We will candidly confess to an unremitting sense of frustration, each time the mundane expression, “It’s a chicken-egg problem,” is used to describe an issue that is conveniently, relegated, by some speaker or writer, to the category of empirically, unanswerable. But, in order not to get ahead of ourselves, we would, initially, furnish our thematic narrative.
At the relevant time, we were young students at Thomas Jefferson High School (East New York, Brooklyn). Although the student body was mixed, it was amply, represented by first-generation offspring of Eastern European immigrants. The latter described students,, coming from homes still embodying an Old World, Eastern European, context, were commonly, desirous of speeding- up the natural, gradual metamorphosis to an acceptably, modern and identifiable, “New World,” persona.
One such described, student, was Izzy Springer (fictitious name), who had boasted, that, in record time, he had, purportedly, attained the goal of fully, mastering the desired, (and, normally, gradual and experiential) journey to societal, Americanization. Izzy was the sort of personality, who, without question, purported to know all there was to be known, which facts were accurate and those which were not, and which matters were knowable and those which were beyond human comprehension; the latter category, designated, by his recent, scholastically, adopted word, as “unfathomable.”
We confess that we would, ordinarily, try, as possible, to avoid the assertively, boastful company of the arrogant and “know-it-all,” Izzy, but there were times, in the circumscribed, high school environment, when encounters were inevitable. Izzy, as it happens, was in our “Advanced Biology” class, and on the eventful morning, (the setting for this brief writing) the classroom subject was on the subject of “Evolution” but with especial emphasis given to the emergence of the sentient, animal, viz., Homo sapiens. The teacher led an enlightening discussion on the subject of humankind’s evolved brain and its consequent ability to problem-solve by the applied use of reason. The day’s homework assignment was to write a 300-word essay on Early Man’s use of reason to solve his problems of survival.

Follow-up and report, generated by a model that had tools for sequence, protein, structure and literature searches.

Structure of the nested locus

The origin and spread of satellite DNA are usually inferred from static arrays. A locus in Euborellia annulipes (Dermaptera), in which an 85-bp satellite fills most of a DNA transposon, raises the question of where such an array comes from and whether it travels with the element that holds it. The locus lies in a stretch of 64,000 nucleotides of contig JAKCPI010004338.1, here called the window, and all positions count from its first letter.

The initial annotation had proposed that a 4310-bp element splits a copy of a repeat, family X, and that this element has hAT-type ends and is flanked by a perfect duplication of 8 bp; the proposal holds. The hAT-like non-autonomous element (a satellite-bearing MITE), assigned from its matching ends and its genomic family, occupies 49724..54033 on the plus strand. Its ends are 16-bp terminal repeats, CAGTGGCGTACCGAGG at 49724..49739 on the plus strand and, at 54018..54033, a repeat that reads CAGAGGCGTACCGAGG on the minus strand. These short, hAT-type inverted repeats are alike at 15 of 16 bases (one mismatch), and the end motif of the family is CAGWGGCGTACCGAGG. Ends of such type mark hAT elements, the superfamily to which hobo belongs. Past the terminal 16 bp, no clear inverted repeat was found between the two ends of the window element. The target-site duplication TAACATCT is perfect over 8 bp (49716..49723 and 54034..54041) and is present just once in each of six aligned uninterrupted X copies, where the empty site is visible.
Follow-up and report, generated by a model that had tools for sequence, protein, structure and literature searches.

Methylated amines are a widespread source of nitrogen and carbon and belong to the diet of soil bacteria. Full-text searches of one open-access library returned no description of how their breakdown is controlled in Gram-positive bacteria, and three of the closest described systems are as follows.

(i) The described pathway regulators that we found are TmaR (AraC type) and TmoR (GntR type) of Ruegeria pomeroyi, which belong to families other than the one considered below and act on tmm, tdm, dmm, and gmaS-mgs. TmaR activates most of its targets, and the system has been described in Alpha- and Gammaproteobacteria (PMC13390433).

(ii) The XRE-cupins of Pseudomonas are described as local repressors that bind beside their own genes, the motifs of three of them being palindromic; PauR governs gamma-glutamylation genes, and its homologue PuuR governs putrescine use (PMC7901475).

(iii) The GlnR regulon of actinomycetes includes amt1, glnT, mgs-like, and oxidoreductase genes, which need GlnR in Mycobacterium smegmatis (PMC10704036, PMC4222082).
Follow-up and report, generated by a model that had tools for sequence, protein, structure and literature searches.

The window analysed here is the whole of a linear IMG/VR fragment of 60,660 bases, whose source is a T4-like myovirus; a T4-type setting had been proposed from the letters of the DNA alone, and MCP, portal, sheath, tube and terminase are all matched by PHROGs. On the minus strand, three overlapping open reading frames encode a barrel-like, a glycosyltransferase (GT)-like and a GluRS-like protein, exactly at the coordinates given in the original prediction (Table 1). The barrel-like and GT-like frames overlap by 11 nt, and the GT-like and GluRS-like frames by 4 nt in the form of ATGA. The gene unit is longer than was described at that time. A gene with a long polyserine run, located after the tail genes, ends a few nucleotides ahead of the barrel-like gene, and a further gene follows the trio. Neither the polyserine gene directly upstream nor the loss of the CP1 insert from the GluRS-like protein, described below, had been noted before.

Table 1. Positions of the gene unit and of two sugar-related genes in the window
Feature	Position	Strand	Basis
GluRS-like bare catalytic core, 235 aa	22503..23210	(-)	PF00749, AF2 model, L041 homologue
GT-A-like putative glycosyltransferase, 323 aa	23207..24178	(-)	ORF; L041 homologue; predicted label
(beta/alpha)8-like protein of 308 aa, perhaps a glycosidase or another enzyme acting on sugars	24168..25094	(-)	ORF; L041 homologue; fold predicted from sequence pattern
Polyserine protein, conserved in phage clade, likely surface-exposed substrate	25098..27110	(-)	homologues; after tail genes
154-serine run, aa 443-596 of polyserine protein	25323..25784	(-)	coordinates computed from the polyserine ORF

As class let out, Izzy excitedly, approached us, as he, passionately, put it, to discuss the teacher’s morning’s lecture, on Man’s capability of reason. We could not avoid, what, predictably, would be an arrogant critique, from our “Mr. Know it All.” The eminent “sage,” Izzy, seemed to have misconstrued and therefore, criticized, the teacher’s remarks, concerning the utility of Man’s capacity to reason, as (erroneously) declaring that Homo sapiens, thus gifted by Evolution, with an advanced brain, was capable of the solution of “any” presenting problem. We did not share in his erroneous recollection, but rather understood the teacher, instead, to have referred to Man’s capability to solve his daily, existential problems such as food gathering, defense against the elements and his later ability to engage in mutual, societal cooperation. However, in order to confront Izzy, the purported, “sage,” we, tongue-in-cheek, and provokingly, asked him for an example of a problem regarding which Man’s reason is incapable to solve. Izzy, supremely, confident in his forthcoming response, initially, recited, as stakes for the challenge, the otherworldly, munificent prize of two (2) “Chunky Bars.”
Before proceeding further with the subject narrative, we would like to enlighten the contemporary, reader as to the empirical context and esteemed value, of said proposed stakes, in 1954, East New York, Brooklyn, to the young, economically, challenged, denizens of that milieu. The individual “Chunky Bar,” was a chocolate square, approximately, 1.5 inches square, (about 3 to 4, judicious bites) infused with nuts and raisins, and “expensively,” priced at ten cents each (the then contemporary cost of a one-way train or trolley trip or a public phone call) and, with a determined value to the resident, Brooklyn youngster, of an Olympic Gold Medal. This wager, it is to be, especially noted, entailed no less than two (2) of these rarefied, albeit, eatable, trophies, Izzy, smiling and highly confident of easily, winning this magnificent prize, confidently and gleefully, recited the thematic, “unfathomable,” dilemma, viz., “Which came first, the chicken or the egg?”
Recalling the morning’s lesson on the dynamics of Natural Evolution, and, after applying a moment of rudimentary logic, we responded, “The egg.” Izzy, upon hearing such answer, and jubilantly, anticipating the easy acquisition of the invaluable prize, in fact, anticipating the taste responded, with a smirk, demanded, “Oh yeah, well where did the egg come from?” His face, visibly, fell as we responded, “The egg was laid by the immediate, evolutionary predecessor of the chicken; that egg, when hatched, was, thereafter, evolution’s first known, chicken.
Despite the passage of multiple decades, we can still recall the victorious, taste of the magnificent Chunky Bars, but, to this day, frustratingly, continue to ponder two questions, (1) why has no one else logically, solved this so-called enigma? and/or, (2) why we have, at this late date, yet to be accorded historic recognition, for its solution [at 15 years of age]?